'The Man Who Knew Infinity' is predictable, but enjoyable

Moira Macdonald
The Seattle Times (TNS)
Jeremy Irons, left, and Dev Patel star in "The Man Who Knew Infinity." The movie opens Friday at Small Star Art House in York City.
  • "The Man Who Knew Infinity" stars Dev Patel and Jeremy Irons
  • The movie opens Friday at Small Star Art House in York
  • 3 stars out of 4

"Just like Mozart could hear a symphony in his head, you dance with numbers up to infinity," says Professor Hardy (Jeremy Irons), admiringly, to his protege Srinivasa Ramanujan (Dev Patel), a self-taught mathematics genius. It's 1913, at Trinity College in Cambridge University, and Ramanujan, an impoverished accounting clerk, has left his wife (lovely newcomer Devika Bhise), his job and his culture behind in India, in the hopes of convincing the academic establishment to accept and publish his theories.
"The Man Who Knew Infinity" is one of those true stories that almost seems made-up: Ramanujan's abilities seem like those of a superhero (is there an X-Man who specializes in math?), and his personal story almost unbearably poignant. Or perhaps it's just the way Matthew Brown's film tells it.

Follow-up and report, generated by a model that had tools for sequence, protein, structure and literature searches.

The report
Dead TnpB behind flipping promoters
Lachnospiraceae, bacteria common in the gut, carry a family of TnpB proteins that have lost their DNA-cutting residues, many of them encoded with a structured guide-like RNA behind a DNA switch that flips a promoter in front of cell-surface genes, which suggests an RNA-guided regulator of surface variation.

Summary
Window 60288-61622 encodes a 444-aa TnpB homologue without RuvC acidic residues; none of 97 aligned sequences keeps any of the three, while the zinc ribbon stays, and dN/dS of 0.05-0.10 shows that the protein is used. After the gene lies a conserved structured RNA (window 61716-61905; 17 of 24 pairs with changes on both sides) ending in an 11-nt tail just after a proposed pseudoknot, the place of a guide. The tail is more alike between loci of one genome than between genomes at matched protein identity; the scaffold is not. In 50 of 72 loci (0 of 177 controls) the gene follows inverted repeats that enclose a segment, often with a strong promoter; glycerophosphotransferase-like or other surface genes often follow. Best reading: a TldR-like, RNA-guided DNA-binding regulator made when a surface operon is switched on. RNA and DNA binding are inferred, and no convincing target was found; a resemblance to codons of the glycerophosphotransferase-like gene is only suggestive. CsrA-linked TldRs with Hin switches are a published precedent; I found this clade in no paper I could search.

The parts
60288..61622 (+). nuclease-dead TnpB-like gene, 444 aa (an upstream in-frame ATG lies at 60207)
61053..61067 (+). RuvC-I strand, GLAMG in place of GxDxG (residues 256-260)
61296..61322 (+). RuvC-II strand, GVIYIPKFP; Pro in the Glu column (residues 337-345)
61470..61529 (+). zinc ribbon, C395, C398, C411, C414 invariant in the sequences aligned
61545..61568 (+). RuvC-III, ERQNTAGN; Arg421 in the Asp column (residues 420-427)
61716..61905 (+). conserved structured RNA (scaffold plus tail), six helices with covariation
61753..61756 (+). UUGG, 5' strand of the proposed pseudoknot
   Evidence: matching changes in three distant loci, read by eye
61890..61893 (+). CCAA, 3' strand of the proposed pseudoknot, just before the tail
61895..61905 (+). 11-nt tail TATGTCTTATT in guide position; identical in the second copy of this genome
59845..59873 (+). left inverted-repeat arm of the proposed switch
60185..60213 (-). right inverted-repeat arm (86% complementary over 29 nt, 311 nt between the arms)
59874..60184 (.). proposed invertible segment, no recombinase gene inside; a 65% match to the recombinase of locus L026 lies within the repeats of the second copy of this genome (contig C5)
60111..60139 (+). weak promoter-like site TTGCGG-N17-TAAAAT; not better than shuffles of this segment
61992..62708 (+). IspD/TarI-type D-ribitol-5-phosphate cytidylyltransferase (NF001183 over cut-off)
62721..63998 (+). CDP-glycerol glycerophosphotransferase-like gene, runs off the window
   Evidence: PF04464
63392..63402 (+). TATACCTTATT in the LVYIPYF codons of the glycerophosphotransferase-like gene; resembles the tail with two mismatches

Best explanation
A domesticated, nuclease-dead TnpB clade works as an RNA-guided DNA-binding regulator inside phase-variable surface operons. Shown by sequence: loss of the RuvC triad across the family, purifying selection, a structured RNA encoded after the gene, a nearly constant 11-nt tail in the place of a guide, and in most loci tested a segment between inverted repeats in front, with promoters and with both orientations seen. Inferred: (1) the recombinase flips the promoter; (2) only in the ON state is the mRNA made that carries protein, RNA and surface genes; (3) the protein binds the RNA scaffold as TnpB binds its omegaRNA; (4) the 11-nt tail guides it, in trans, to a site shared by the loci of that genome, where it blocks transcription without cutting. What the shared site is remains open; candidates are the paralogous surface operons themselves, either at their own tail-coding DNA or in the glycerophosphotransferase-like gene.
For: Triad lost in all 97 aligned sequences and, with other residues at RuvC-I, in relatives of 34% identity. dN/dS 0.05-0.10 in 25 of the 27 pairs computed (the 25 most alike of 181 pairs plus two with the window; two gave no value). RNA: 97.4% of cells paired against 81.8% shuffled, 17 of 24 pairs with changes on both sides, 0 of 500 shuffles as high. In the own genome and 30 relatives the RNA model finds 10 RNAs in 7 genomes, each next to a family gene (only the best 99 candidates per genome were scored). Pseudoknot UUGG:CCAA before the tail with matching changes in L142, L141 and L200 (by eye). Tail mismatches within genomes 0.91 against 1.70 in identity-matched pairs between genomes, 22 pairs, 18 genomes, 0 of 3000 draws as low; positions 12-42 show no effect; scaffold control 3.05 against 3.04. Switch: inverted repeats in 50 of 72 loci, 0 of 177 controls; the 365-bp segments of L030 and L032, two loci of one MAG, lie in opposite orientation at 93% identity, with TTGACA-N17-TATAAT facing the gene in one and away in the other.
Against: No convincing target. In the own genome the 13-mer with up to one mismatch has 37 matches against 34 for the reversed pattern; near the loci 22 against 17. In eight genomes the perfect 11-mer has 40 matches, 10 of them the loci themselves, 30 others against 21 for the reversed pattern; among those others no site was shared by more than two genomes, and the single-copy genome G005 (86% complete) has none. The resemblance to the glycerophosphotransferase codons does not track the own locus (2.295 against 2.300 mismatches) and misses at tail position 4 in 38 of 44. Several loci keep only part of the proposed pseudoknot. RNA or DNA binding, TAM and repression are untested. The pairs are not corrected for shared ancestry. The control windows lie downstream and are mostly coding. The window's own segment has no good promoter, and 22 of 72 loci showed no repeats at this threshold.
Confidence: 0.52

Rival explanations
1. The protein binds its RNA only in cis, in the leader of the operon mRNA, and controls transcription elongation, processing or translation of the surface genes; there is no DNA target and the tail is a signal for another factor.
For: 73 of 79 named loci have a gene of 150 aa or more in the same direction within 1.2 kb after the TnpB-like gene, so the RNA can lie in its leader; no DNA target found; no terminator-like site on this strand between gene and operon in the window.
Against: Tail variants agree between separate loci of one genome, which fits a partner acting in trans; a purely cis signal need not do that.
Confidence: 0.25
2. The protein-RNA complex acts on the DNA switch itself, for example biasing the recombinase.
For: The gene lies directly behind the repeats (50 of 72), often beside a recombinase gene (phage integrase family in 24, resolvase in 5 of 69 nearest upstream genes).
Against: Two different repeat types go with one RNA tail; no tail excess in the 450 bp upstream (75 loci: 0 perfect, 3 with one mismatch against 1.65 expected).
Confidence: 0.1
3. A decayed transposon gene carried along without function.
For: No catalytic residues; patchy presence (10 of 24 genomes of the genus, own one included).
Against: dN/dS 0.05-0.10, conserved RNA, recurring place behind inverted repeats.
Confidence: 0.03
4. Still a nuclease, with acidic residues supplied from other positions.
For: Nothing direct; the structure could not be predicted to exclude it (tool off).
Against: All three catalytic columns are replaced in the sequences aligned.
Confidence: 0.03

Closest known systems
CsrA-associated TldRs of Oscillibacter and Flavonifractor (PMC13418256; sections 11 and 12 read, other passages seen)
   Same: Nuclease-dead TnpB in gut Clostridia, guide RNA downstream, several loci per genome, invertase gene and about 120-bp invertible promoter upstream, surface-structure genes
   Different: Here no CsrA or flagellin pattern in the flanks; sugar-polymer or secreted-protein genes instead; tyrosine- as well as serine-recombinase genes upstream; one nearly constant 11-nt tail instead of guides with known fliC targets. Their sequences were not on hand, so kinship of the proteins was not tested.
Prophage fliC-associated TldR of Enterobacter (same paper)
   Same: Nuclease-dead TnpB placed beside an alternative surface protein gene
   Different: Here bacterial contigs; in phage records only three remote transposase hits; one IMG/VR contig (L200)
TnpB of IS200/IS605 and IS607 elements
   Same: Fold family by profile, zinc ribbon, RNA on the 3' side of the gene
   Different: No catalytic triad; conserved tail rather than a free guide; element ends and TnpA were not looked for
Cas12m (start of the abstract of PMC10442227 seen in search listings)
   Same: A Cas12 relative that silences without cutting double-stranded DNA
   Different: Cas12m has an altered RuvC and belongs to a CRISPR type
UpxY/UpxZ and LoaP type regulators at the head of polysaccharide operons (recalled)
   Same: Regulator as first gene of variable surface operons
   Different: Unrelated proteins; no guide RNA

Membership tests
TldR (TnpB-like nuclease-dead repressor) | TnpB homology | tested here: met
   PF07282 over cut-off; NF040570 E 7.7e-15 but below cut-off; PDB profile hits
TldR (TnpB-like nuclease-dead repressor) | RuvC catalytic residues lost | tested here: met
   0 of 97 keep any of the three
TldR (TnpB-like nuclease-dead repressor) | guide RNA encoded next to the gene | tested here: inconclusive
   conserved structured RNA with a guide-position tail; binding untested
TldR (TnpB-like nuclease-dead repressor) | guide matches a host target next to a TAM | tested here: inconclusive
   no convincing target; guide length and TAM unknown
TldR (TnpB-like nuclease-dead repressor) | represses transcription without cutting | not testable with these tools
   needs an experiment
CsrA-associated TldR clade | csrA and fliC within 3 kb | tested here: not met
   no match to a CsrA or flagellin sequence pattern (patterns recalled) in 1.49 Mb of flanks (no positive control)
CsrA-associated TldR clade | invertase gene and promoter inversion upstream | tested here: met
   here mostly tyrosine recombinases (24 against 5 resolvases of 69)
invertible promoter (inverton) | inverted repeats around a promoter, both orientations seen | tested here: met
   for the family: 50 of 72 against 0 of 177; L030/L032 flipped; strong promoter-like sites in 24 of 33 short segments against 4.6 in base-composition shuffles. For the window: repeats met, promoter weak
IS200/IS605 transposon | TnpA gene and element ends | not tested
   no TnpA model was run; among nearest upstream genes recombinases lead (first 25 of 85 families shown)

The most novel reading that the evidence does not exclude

Patel ("Slumdog Millionaire," "The Best Exotic Marigold Hotel") invests his whip-smart character with boyish charm and gentle vulnerability; Irons makes the most of his role as moviedom's umpteenth Eccentric British Professor; and Brown sprinkles it all with picturesque snowflakes, wartime shadows and elegantly handwritten pages of math formulae.
It's predictable — throughout the film, I kept thinking that I'd seen it before — and a bit sentimental, yet thoroughly pleasant. Like all good biopics, it leaves you wanting to know more about its subject and about the mysterious way that math geniuses think. Mathematical theories, Ramanujan tells his wife, are "like a painting, but with colors you cannot see."

3 out of 4 stars
Cast: Dev Patel, Jeremy Irons, Devika Bhise, Stephen Fry, Toby Jones.
Written and directed by Matthew Brown.
108 minutes.
Rated PG-13 for some thematic elements and smoking.